In a perfect world, nobody ever acts badly. So, for the moral person, there’s a duty to prevent people from acting badly.

In the next lecture, I’ll tell you what the ‘duties’ you must perform towards others, if you want to be ‘moral’, are.

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3 Responses to “The Duties of Morality”

Your friend is in the first camp, which you correctly identify as the “utilitarian” camp. I think you’re right to make a distinction between this view and the third camp of “deontological” ethics.

I think your friend (and many people from his camp) is mistaken in identifying “consequentialism” with “utilitarianism.” There are forms of consequentialism which are far more deontological, and which reject the idea that we ought to act to maximize the happiness of others. But none of the forms of consequentialism in the current orthodoxy are what your friend is thinking of.

On the other hand, your friend’s view is not as bizarre as you think. You can easily imagine people who think that we ought to sacrifice our own happiness for the sake of others. The more pressing the danger that others might be harmed, the more we ought to sacrifice our happiness, as far as possible, to avoid that harm. This is not what is going on, however, when we try to figure out whether it’s acceptable to make someone jump through a flaming hoop. There we’re concerned with whether a certn harm can be prevented, it seems absurd to believe that we could actually get someone to jump through the hoop by promising them a hundred thousand dollars if they do it. So we can see why the harm we’re talking about might be far from a priority. If that’s all we were trying to do, we would of course have no trouble deciding that sacrificing a hundred thousand dollars is okay, and that it’s probably worth it. (If you need a lot of money, you probably shouldn’t be doing something like this, though.)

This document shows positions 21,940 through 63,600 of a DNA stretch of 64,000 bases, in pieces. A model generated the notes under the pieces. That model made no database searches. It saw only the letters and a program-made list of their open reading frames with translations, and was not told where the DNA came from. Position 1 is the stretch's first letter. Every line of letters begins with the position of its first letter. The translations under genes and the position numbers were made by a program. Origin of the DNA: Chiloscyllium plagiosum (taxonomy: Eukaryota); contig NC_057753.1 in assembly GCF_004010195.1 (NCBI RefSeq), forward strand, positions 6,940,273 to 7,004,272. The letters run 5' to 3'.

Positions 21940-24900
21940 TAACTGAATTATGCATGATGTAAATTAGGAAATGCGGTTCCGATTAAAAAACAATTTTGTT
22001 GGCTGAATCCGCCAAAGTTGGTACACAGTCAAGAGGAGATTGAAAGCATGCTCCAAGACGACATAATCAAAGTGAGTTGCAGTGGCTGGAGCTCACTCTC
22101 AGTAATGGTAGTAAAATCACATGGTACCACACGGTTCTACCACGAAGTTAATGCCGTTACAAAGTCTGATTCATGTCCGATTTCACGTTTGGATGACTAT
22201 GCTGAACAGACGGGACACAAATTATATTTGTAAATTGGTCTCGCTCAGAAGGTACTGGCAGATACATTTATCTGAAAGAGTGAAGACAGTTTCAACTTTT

But even if we’re talking about getting someone to jump through a flaming hoop, there’s still a significant difference between the harm that might be caused, and the benefits to the victims of the harm. Someone might well ask: “Would it really make a difference whether you and I jumped or if the victim of the fire jumped through the hoop?” To this I can only reply: “No, it wouldn’t make a difference!”

I can see why someone might conclude that this makes me a “consequentialist,” which is something I’ve heard others compln about a lot, though it never seems to make much sense. I don’t believe that people ought to just take any possible advantage over others. I do, however, take it for granted that we ought to take seriously the interests of others, and that includes ensuring that they are treated as humanely as possible. This isn’t consequentialist. There is, however, a kind of consequentialist moral framework, which says that we ought to maximize welfare. This is the one that most people refer to as “consequentialist.” But a lot of people seem to think that this means that we ought to make no distinction between one good that is achieved and another, regardless of how much good is involved in each.

In practice, no matter what good you’re talking about, it seems possible to talk about harms to humans that could be prevented, while still not being